A new dream: Latest Habitat for Humanity house to be dedicated Sunday
Janet Miller | AnnArbor.com
He never thought he’d realize the American dream of home ownership. But Wuasi and his fiancee, Rebecca Clary, are the latest family to buy a house from Habitat for Humanity of Huron Valley.
The house, a simple, three-bedroom ranch on Clarita Street in the Nancy Park neighborhood of Ypsilanti Township, was remodeled over the summer and will be dedicated Sunday afternoon.
Photo courtesy of Habitat for Humanity of Huron Valley
“When people from different countries come here, they usually want to work, earn money and then go back home to build a house,” Wuasi said. “I had never thought about buying a house here. But since I had a child, my thoughts have changed.”
Habitat has shifted from building new homes to renovating existing ones, and the Nancy Park neighborhood has been significantly stabilized with recent Habitat renovations. Eight vacant and tattered Nancy Park homes, most of them foreclosures, have been remodeled and sold to families, said Rob Nissly, Habitat housing director.
Habitat purchased what would become the Wuasi-Clary house last winter for $40,000 and invested another $60,000 in renovating it, with some of that amount coming from in-kind donations, such as appliances.
The volunteer labor for the project came from The Good News Group, a partnership of area congregations that has built or remodeled two Habitat houses every summer since 1997, said Sandy Simon, a member of the group.
The Good News Group was founded by Bob Whitacre when he organized a group of Methodist churches to pitch in to build a Habitat house. It has since grown to include 18 congregations.
“We have put 21 families into houses,” Simon said. “But the statistic we like the most is that we’ve helped 56 children live in Habitat houses. They really are families . We feel we make a difference in the community, we learn new things about home repair, and we have a good time working side-by-side with the people who are going to live there.”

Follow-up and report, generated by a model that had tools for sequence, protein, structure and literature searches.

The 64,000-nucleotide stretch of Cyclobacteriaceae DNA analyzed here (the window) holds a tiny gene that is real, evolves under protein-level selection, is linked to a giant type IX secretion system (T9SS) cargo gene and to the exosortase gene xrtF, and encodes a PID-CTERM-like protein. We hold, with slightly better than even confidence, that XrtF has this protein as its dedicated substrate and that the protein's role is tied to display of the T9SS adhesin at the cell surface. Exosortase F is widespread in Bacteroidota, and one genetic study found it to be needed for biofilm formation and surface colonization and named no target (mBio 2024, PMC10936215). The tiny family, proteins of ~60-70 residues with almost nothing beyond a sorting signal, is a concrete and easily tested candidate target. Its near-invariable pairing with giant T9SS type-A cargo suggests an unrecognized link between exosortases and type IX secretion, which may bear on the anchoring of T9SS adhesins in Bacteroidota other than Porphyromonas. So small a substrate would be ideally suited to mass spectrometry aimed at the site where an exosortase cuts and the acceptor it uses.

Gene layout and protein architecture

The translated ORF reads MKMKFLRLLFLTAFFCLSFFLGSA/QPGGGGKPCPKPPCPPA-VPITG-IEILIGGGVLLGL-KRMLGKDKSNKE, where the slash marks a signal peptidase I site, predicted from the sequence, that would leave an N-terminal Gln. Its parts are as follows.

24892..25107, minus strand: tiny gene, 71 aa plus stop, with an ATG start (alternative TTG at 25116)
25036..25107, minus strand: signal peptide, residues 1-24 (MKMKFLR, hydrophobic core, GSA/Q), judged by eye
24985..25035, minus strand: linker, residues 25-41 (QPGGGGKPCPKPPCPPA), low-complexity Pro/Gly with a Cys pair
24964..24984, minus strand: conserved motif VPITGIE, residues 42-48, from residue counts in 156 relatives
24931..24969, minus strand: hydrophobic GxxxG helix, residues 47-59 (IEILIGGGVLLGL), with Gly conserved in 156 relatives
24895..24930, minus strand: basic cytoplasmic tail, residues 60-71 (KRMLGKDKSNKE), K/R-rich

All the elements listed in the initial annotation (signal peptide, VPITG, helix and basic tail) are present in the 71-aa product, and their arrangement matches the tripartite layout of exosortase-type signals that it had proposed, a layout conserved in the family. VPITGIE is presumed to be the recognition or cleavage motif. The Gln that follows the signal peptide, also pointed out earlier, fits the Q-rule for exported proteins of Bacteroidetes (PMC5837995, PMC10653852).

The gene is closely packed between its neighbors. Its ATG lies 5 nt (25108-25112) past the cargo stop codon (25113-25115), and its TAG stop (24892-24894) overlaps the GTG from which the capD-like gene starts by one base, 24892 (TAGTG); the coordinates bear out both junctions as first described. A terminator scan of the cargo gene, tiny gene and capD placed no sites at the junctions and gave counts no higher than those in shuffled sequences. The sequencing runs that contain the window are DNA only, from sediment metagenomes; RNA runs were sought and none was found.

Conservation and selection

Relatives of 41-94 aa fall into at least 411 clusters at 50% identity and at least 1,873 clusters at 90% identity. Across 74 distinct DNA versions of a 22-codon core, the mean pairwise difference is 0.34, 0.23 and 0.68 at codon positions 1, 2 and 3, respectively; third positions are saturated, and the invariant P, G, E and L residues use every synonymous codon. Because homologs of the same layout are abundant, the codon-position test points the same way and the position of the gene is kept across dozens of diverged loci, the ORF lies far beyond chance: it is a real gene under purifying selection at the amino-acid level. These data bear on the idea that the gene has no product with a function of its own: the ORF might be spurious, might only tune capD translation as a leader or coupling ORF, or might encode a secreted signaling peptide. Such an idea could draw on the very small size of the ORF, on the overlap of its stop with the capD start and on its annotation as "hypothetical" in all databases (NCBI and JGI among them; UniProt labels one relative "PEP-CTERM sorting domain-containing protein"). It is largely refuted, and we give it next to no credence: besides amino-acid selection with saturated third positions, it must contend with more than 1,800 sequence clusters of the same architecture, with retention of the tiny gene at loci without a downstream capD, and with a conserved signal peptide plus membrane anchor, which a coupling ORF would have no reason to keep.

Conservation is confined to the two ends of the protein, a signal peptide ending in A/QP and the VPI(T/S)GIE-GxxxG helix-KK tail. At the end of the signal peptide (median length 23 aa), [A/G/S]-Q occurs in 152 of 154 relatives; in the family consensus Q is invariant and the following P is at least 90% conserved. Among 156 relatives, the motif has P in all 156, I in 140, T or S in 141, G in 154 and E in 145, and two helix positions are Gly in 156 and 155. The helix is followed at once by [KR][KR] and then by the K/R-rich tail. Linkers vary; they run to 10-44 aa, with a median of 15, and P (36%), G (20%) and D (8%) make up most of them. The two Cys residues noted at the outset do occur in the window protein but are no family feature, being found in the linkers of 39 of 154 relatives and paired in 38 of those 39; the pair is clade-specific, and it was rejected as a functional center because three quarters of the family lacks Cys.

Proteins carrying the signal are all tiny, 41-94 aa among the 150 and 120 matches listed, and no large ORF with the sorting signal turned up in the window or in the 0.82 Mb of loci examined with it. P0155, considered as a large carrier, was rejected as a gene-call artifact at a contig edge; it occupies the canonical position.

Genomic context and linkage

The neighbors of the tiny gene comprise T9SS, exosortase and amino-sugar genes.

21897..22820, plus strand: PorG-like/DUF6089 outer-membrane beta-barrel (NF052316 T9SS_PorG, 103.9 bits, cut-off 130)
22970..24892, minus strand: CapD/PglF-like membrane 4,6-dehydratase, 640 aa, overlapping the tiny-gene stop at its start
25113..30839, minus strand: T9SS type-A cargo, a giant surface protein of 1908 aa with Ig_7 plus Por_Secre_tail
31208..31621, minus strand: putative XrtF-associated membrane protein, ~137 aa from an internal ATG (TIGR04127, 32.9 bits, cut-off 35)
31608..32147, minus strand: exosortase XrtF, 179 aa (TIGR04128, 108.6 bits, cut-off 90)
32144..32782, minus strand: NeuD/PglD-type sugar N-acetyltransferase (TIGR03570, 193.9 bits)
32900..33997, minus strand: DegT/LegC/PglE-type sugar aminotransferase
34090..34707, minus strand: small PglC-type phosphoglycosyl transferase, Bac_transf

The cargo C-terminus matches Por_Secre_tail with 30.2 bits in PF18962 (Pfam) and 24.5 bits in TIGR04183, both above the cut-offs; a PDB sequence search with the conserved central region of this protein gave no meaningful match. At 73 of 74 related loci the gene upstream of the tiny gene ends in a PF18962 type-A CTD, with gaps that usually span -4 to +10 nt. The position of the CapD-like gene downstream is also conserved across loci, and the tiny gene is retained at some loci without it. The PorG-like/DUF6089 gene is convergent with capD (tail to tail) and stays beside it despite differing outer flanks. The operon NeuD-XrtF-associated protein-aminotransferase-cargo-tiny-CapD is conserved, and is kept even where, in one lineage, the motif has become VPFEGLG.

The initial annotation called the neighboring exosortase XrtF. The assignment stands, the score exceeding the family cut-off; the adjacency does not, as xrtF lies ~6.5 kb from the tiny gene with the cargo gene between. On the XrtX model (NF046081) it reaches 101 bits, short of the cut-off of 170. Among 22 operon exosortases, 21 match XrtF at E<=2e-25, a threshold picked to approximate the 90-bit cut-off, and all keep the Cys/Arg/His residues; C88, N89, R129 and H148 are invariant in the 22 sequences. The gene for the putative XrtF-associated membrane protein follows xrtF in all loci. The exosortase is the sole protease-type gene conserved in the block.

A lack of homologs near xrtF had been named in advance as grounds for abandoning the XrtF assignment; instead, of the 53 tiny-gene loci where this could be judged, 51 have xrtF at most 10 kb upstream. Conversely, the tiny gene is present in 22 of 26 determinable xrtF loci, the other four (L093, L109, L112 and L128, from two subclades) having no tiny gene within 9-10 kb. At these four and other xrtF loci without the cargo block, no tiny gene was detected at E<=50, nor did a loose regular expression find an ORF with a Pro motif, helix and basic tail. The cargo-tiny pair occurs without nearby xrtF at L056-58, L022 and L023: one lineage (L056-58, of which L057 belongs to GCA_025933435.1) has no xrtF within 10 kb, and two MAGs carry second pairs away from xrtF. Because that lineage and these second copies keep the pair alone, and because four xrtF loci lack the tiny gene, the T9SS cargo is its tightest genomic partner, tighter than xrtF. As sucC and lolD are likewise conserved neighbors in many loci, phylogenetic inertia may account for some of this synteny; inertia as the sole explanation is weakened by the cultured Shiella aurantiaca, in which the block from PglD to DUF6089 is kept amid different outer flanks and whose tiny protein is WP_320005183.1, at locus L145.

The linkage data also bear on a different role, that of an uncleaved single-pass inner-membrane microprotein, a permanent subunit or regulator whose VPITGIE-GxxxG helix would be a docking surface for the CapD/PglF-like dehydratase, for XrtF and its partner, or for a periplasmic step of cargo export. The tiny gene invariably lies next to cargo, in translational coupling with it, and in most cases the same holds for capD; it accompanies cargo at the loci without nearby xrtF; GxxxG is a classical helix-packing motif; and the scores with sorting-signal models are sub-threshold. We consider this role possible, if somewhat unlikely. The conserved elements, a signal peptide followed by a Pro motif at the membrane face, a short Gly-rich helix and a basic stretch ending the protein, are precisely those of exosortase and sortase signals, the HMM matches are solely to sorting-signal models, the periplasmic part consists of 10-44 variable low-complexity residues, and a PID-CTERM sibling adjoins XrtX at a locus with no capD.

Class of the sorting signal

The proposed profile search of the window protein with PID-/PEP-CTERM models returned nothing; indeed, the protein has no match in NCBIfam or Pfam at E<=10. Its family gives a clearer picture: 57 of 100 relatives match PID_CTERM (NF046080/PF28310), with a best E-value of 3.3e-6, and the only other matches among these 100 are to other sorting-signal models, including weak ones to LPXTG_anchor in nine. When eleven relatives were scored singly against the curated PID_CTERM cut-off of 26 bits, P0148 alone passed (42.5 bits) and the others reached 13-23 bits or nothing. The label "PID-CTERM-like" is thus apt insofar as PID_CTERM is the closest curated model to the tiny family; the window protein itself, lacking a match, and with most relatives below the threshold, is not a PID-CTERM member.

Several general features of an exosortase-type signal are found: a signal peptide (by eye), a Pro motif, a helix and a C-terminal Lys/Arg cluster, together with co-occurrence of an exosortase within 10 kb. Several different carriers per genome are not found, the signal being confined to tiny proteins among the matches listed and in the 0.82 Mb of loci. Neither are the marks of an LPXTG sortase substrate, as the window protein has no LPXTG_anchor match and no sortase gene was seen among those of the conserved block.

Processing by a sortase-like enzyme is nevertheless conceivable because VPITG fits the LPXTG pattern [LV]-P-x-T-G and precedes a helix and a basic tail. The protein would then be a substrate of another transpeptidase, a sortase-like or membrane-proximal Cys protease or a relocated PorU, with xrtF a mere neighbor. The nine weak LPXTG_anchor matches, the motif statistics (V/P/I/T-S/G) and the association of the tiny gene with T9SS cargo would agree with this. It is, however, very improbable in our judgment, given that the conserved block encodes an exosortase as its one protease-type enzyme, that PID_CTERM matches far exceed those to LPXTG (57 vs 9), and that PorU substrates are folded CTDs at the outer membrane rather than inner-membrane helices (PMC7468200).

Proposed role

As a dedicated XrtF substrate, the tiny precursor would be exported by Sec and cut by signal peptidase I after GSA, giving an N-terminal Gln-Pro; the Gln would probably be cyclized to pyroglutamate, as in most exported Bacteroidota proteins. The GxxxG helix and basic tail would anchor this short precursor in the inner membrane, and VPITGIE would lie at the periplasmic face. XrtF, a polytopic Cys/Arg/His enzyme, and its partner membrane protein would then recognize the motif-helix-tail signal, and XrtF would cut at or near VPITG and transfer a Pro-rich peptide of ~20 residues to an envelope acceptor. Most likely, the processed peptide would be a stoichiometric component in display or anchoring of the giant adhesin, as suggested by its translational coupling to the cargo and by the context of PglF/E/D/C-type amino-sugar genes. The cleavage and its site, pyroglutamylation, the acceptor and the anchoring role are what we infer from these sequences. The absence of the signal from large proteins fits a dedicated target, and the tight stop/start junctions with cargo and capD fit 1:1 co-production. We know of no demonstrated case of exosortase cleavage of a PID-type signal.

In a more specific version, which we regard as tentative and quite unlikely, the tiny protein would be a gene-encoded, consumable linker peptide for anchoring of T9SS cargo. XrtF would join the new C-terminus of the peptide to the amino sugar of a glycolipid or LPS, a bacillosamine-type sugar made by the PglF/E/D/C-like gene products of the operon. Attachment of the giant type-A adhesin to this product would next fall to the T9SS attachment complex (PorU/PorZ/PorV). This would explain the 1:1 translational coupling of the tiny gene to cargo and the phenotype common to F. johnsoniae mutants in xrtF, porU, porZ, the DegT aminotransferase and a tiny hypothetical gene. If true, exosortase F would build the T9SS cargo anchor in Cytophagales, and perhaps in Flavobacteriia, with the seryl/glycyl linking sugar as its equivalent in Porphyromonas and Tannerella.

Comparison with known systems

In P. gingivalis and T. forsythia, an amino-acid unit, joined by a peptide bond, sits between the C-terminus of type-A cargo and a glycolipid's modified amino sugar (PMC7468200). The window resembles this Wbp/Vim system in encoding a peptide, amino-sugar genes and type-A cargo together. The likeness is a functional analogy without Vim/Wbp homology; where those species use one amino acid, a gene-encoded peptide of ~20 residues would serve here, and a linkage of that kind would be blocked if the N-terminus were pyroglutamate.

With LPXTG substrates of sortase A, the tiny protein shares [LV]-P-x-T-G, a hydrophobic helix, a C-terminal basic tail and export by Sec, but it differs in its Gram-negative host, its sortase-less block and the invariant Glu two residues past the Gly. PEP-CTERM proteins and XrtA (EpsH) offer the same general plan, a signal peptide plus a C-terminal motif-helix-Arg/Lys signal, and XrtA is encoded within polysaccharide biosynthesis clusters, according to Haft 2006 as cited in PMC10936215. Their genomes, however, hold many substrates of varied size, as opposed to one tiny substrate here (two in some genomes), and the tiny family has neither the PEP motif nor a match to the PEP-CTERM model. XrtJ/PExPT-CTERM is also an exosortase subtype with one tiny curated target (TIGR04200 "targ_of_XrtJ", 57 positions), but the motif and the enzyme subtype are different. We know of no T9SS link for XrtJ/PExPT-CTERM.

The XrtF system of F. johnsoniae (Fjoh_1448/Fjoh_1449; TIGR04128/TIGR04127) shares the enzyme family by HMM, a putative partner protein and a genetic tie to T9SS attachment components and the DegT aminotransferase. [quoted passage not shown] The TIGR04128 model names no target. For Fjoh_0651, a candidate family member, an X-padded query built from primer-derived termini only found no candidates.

Things have not been easy for Wuasi and Clary. He works two jobs as a caregiver in assisted living facilities, goes to school full-time at Eastern Michigan University and worked 100 “sweat equity” hours for Habitat, many of them on his house. For the three days he works, he rises at 5 a.m. to get to his first job by 6 a.m. and doesn’t return home from his second job until almost midnight. The rest of the week, he has classes and homework.
Wuasi, who speaks five languages, wants to become a language teacher.
Caring for a baby and working a part-time job, also as an assisted living caregiver, has made it difficult for Clary to log her required 100 hours with Habitat, she said. So far she has worked 50 hours, using her vacation time to work on Habitat projects. The family can’t move into the house until her remaining 50 hours are completed.
The pair also attended 25 hours of home ownership classes run by Habitat for Humanity.
Janet Miller | AnnArbor.com
Habitat houses are not free. Owners make a down payment and pay a no-interest mortgage (which includes principal, taxes and insurance) that is no more than 30 percent of the family’s income. Habitat holds the mortgage.
The house is no mansion, Clary said. But that’s fine. It’s Energy Star rated and has a new roof, furnace, siding, windows, bathroom and kitchen as well as refinished floors. Mold was abated and the overgrown yard was cleaned up.
“There’s a lot of light and it’s bright and happy,” Clary said. “There will be a lot of memories made there.”